At the beginning of the past two school years, KSC’s Mentors in Violence Prevention (MVP) peer education group has presented its “Yes Means Yes: A Guide to Good Sex” program during New Student Orientation. “This optional program has been very popular with first-year students,” explained Staff Counselor and MVP co-advisor Forrest Seymour, “attracting 300–400 each time it’s been offered, and promoting positive sexuality messages of respect, mutual consent, and safe sex.”
On March 29, the “Yes Means Yes: A Guide to Good Sex” program received the “Best Program” award at the northern New England BACCHUS Network Conference, held at Endicott College in Beverly, MA. BACCHUS, which gave the award, is the national college peer education organization. Seymour accompanied several MVP students to Endicott to attend the regional conference, as did Coordinator of Wellness Education Tiffany Mathews and four KSC Champions peer educators.
If you’d like to experience the creativity of Keene State’s most talented visual artists, April is the month to visit campus. The art starts with 1-2-3 Go! Work from KSC Art Underclassmen at the Carroll House Gallery on Main St. from April 3–26. This second annual exhibition showcases the work of art underclassmen and features projects in graphic design, animation, sculpture, ceramics, printmaking, painting, drawing, and photography. Because the Carroll House Gallery is a teaching gallery for art students, students in Dr. Kate Martineau’s new Museum Studies Seminar will be designing, hanging, and lighting the exhibition.
From April 19–May 10 the Thorne-Sagendorph Art Gallery will host Emerging Art: The Annual Keene State College Art Students Exhibition, featuring works by graduating art majors. There will be a reception on Friday, April 25, from 5:30–7:30 p.m., and visitors to the exhibit are invited to vote for a People’s Choice Commendation to be announced May 5.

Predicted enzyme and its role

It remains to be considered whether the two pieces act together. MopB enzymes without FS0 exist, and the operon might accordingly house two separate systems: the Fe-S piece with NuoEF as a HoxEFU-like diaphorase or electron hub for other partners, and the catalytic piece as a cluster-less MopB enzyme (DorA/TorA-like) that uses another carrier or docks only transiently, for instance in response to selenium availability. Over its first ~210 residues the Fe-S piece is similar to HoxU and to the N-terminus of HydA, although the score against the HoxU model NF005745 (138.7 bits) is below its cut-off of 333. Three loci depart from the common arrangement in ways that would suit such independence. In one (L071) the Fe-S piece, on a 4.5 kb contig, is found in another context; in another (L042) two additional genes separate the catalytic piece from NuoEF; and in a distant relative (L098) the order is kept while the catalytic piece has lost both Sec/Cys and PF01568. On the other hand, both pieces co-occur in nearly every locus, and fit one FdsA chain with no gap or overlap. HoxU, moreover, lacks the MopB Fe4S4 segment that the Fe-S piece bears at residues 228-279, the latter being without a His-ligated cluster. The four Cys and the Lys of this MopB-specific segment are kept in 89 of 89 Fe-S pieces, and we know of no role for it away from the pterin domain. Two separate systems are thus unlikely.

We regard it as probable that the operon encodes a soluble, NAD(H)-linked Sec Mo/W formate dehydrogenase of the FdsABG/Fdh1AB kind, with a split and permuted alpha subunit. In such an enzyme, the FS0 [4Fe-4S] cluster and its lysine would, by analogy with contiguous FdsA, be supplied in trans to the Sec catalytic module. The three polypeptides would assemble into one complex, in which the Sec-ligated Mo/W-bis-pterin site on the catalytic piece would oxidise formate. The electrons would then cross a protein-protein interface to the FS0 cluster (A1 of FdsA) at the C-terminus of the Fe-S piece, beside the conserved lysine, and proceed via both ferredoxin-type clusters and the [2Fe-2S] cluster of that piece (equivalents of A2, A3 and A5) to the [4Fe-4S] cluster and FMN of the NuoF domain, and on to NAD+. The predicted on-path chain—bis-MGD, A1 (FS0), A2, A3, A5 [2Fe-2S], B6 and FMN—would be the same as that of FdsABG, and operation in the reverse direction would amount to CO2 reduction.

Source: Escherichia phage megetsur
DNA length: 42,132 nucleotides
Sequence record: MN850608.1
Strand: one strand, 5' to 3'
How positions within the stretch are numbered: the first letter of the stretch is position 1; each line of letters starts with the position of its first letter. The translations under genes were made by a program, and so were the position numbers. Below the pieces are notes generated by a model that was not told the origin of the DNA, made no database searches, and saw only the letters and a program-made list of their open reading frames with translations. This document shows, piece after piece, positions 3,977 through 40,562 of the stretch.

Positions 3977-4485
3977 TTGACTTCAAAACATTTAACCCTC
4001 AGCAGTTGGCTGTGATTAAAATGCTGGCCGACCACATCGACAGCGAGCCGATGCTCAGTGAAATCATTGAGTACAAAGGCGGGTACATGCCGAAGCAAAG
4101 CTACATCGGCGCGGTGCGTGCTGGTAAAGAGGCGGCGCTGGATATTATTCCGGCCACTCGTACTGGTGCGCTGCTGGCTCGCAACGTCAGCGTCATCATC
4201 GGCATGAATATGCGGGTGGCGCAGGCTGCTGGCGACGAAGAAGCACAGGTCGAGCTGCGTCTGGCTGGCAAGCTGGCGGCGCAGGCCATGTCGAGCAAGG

On April 25, from 3–7 p.m., 47 senior Graphic Design majors will present their portfolios for review in the Student Center. The review will include print media, web design, and motion graphics. The ultimate goal of the senior portfolio review is to network, meet business owners, and to eventually find and secure a job in the field after graduation, so visitors with graphic design needs are especially welcome. Refreshments will be available.
All three of these exhibits are free and open to the public.
Earlier this month, Erin Fehlau, the producer for WMUR Channel 9′s New Hampshire Chronicle, and Chris Shepherd, the show’s videographer, spent four hours with one of the KSC’s greatest treasures, the Children’s Literature Festival Gallery Collection in Rhodes Hall, preparing a segment for the show. Of course, Festival and Gallery founder Dr. David E. White, showed them around, and they spent an hour talking to author, illustrator, and gallery contributor Lita Judge, who lives in Peterborough. Lita talked about our collection, why it is significant, why she wanted to be represented, the significance of illustrations in children’s books, and about several of her books. Lita was also filmed giving David a donation from her book How Big Were Dinosaurs? This segment will be aired March 18—make sure you tune in! And if you miss it, the segment will be available online. And check out the Children’s Literature Festival and Gallery’s Facebook page.
Mathilde Mukantabana—Ambassador Extraordinary and Plenipotentiary of the Republic of Rwanda to the United States and non-resident Ambassador to Mexico, Brazil, and Argentina—will deliver the Cohen Center’s annual Genocide Awareness Lecture in the Mabel Brown Room on Monday, March 3, at 7 p.m. This year marks the 20th anniversary of the 1994 Rwandan genocide, and Ambassador Mukantabana’s talk is titled “Remember, Unite, Renew: Retracing Milestones in Country Building after the 1994 Genocide against the Tutsi in Rwanda.” The Ambassador will also be on campus the following day, Tuesday, March 4, to introduce the Cohen Center’s 2014 Professional Development-Public Workshop, “Interrupting Genocide: Protecting Civilians from Mass Atrocity,” with Dr. James Waller.